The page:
By Brian Doherty
You may have heard Ron Paul finally won a caucus outright--in the territory of the U.S. Virgin Islands on Saturday.
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Paul campaign spokesman Jack Hunter finds it ironic that a press that always reports victors in terms of popular vote, not delegate counts, chose to declare this a Romney victory since he walked away with more delegates.
Paul fans also are annoyed that the Virgin Island GOP's official web page changed to not even mention the 29 percent more votes for Paul delegates than 26 percent for Romney ones, though the original results are still visible in this post from former Reason man Dave Weigel at Slate.
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The convoluted, poorly-reported-on rules for the Virgin Island caucus state that no one is voting for the candidate per se, they are merely voting for delegates who are committed to a certain candidate (or not). It seems as though a larger percentage of people voted for delegates who said they were for Ron, those votes were too spread out among different potential delegates for many of his delegates to actually get selected. Each voter had six different votes to case for delegates.
Residents of the Virgin Islands can't actually vote for president in the general election. And while it is inaccurate to say "Ron Paul won the popular vote," since no one was voting for Ron Paul per se, more people did cast votes for delegates committed to Ron. (384 total votes were cast in the VI caucus.) And yet he's walking away with only one committed one going to Tampa. The New American with more on the double-standard in reporting victors, and Independent Voter Network on the same; how bitterly ironic that the first time the media is scrupulously mindful of the importance of delegate accumulation over raw votes, a point Paul's campaign emphasized early and often, it is to deny Paul a moral victory.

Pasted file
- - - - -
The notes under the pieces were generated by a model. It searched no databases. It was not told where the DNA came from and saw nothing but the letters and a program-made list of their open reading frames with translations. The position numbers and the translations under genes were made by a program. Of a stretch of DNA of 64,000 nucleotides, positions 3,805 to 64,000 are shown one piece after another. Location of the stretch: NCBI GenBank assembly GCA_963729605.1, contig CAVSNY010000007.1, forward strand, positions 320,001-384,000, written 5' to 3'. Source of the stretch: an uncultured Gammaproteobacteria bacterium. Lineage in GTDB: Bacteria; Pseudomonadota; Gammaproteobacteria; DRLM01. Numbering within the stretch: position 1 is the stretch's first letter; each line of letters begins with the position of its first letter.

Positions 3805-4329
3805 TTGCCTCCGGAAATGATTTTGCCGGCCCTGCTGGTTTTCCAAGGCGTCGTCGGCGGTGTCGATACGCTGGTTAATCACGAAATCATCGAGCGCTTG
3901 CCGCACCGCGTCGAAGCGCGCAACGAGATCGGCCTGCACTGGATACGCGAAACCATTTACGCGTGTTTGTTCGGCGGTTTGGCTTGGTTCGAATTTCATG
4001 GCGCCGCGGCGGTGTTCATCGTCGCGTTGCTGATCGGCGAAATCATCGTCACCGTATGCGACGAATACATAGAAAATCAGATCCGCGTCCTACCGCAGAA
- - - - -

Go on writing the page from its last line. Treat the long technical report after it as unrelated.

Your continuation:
Now for some snapshots of the Ron Paul delegate fight from GOP conventions 'cross the land:
*Paul people rock Clark County Nevada, reports the Las Vegas Review Journal. Details:
Supporters of GOP presidential candidate Ron Paul on Saturday effectively took control of the Clark County Republican Party by winning election to 14 executive board positions, or two-thirds of the ruling body.
The election came during the county GOP convention where Paul delegates dominated, winning as many as half of the 1,382 delegates nominated to the state convention May 2-4 in Sparks.....
"This is the grass roots taking a stand to change the direction of the party from the county level," said Carl Bunce, Nevada chairman of Paul's campaign and a delegate. "This is bigger than just Ron Paul. This is about liberty and openness and fairness and changing the party."....
Still, the Paul factor could complicate things at the state convention for Mitt Romney, the GOP front-runner who won the Feb. 4 GOP presidential caucus in Nevada with 50 percent of the vote....
The 2012 state GOP convention will elect 28 delegates to the Republican National Convention this summer in Tampa, Fla.
Romney earned 14 of those delegates because of his 50 percent caucus finish. The rest of the delegates also were awarded proportionally, depending on the percentage of the caucus vote that each candidate won in Nevada.
■ Newt Gingrich got 21 percent of the caucus vote to pick up six delegates.
■ Paul won 19 percent for five delegates.
■ Rick Santorum won 10 percent for three delegates.